MF: For sure starting HERHealthEQ was and continues to be my biggest challenge. Even as a 20-year veteran in industry, it continues to be a big challenge. Starting a business is never easy and starting a non-profit is certainly not easy. The idea is amazing and necessary, but the complication of starting and running a non-profit definitely challenges me more often than anything else. I have to rely on other people financially support the organization, rely on partners who work with us on project administration and then rely on partners for donors, equipment, also even bootstrapping for the past few years to prove out the concept just like a regular start up. That has been a challenge. A lot of people think non-profit work is amazing, mostly unicorns and rainbows, but at the end of the day HERHealthEQ has been a startup like any for-profit and we’ve just now started to move out of the startup phase, which is wonderful; but it’s always a challenge as well. It has definitely opened my eyes to being humble, I have gotten very good at asking for help and I work a lot more collaboratively.
The other thing that really has changed me is to understand the value of storytelling. With a non-profit, storytelling is what compels people to contribute, to help, and to partner and I needed to be able to tell that story instead of it being in my head. I knew it was a great idea but other people need to understand it since they are not as close to it as I am, being able to story tell has helped me in all aspects of my professional life: it’s helped my personal brand, it’s helped people understand what I do a little bit more, it’s helped expose me to a lot of really interesting innovation in the for-profit side that also is tangential to helping women in developing countries, which is incredibly important. Being in a non-profit startup has definitely changed my thinking process.
IFNY: What do you know now, that you wish you had known at the beginning of career?
MF: I really wish that I knew to line up the influential people who would help steer my career and my direction much earlier on, that would’ve helped bring a little bit of clarity and focus. I also wish I knew about making sure that genuine professional relationships are mutually beneficial. Everyone needs to be surrounded by people who support their vision, that is incredibly critical. I’ve always had support, especially in a corporate situation, but when you become an entrepreneur the most important thing to know and most beneficial to business growth is having that support system, having influential people who help guide you and mentor you throughout your career. I wish I understood that early on and didn’t think I could do that all on my own.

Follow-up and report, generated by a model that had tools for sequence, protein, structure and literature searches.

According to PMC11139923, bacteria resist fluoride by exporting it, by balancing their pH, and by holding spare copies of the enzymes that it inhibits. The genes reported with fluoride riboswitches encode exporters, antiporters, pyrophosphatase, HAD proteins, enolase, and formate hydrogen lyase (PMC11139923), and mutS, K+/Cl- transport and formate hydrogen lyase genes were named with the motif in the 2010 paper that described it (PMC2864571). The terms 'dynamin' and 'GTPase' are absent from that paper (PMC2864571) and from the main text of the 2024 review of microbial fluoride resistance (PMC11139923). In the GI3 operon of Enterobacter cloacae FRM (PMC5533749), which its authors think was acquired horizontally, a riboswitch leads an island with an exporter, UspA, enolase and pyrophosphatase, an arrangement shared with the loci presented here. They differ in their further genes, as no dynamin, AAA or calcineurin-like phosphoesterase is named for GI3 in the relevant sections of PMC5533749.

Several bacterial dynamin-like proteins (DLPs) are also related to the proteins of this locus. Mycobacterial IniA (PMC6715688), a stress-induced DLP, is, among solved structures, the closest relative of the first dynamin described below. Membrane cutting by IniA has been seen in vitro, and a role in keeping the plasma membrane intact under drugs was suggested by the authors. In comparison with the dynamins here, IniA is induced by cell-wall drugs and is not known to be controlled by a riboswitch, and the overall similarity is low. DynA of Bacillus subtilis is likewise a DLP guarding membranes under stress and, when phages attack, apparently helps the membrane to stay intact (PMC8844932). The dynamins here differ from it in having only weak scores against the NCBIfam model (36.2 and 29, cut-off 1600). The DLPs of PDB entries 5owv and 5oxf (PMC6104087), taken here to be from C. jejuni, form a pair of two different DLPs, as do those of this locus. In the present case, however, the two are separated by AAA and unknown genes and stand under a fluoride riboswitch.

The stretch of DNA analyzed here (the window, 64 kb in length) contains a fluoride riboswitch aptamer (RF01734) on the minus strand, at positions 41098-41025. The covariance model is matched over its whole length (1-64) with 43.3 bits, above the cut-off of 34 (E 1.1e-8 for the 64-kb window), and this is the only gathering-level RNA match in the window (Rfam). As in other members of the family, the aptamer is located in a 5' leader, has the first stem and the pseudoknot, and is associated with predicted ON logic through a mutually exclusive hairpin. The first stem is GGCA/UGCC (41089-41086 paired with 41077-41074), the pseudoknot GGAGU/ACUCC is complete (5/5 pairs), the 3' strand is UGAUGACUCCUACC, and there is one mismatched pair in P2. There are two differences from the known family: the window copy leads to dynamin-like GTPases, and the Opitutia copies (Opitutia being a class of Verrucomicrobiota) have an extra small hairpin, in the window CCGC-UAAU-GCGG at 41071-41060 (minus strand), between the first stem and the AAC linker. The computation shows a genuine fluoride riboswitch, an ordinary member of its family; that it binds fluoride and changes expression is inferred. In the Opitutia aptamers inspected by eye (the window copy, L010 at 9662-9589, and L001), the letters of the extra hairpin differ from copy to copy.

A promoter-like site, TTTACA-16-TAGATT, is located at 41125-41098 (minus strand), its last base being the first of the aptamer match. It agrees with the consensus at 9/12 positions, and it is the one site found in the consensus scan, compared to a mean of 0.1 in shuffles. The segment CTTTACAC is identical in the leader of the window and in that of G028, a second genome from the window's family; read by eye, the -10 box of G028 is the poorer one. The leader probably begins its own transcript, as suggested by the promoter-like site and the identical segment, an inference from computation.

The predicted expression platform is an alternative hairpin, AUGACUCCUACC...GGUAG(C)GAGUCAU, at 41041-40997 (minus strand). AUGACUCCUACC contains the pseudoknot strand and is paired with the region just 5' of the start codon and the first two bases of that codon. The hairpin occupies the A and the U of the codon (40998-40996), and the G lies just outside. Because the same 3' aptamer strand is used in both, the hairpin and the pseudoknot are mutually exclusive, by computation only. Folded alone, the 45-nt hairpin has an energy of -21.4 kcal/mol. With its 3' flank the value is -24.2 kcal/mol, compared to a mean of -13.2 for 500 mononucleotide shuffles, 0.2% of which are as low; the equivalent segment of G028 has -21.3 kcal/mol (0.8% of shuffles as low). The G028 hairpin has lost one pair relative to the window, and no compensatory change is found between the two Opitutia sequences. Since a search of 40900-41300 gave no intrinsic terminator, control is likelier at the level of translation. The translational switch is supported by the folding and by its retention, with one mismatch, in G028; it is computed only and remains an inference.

IFNY: Have you had any mentors? Who were they and what was the most valuable thing you learned from them?
MF: I had some really great bosses who have helped me grow but unfortunately, I never had any formal mentors. I know that my life, work and career suffer because of it and I am honestly constantly looking for them and hope to find them soon. Right now, I work with several coaches, I ask advice from a lot of people and read a lot of books to guide me but it’s so important for people to have mentors… it’s absolutely invaluable. I would love to mentor people myself, especially women.
IFNY: Do you feel that working/training conditions for women STEM have improved over recent years? How so?
MF: Conditions for women have started to improve but there is a really long way to go. Opportunities do exist a little more frequently. There is still an old guard that is very traditional in the industry, especially in healthcare, and it’s very difficult for a woman to crack that old boys club. I noticed recently Times Up Healthcare just launched and there are a lot of other movements in the healthcare space that are working to achieve equity and equality and I feel things have gotten better but they are not great.
It’s weird because 70 % of healthcare decisions are made by women yet there are only 5% of CEOS that are women in the healthcare space, so it doesn’t really equate for me. I don’t think we are making progress fast enough. The other juxtaposition is for the conditions in the developing world, sometimes they progress further than the US and sometimes not at all. There are more women engineers graduating in Costa Rica than men. There is a cognizant push towards healthcare for women in many countries where years ago they weren’t even allowed to go to the doctor without a chaperone. Then there are other places where women are still not equal citizens, opportunities are still not presenting themselves, and only for the top 1 percent have access. Generally, it’s improving but as an entrepreneur, as a woman who’s been in STEM my entire career, it is way, way too slow and we need to start making these changes a lot faster.
IFNY: In your opinion, what is the single greatest challenge remaining in the efforts for women’s equality in science, healthcare and business?
MF: It’s one simple word: access. Access to healthcare, access to education, access to business opportunities, access to equal pay and all have to be in parity and equal to opportunities that men have had for years. The biggest challenge: it is absolutely access. Without equity there cannot be equality, and equity must come first. Without access, equity is not achievable. That is the biggest challenge.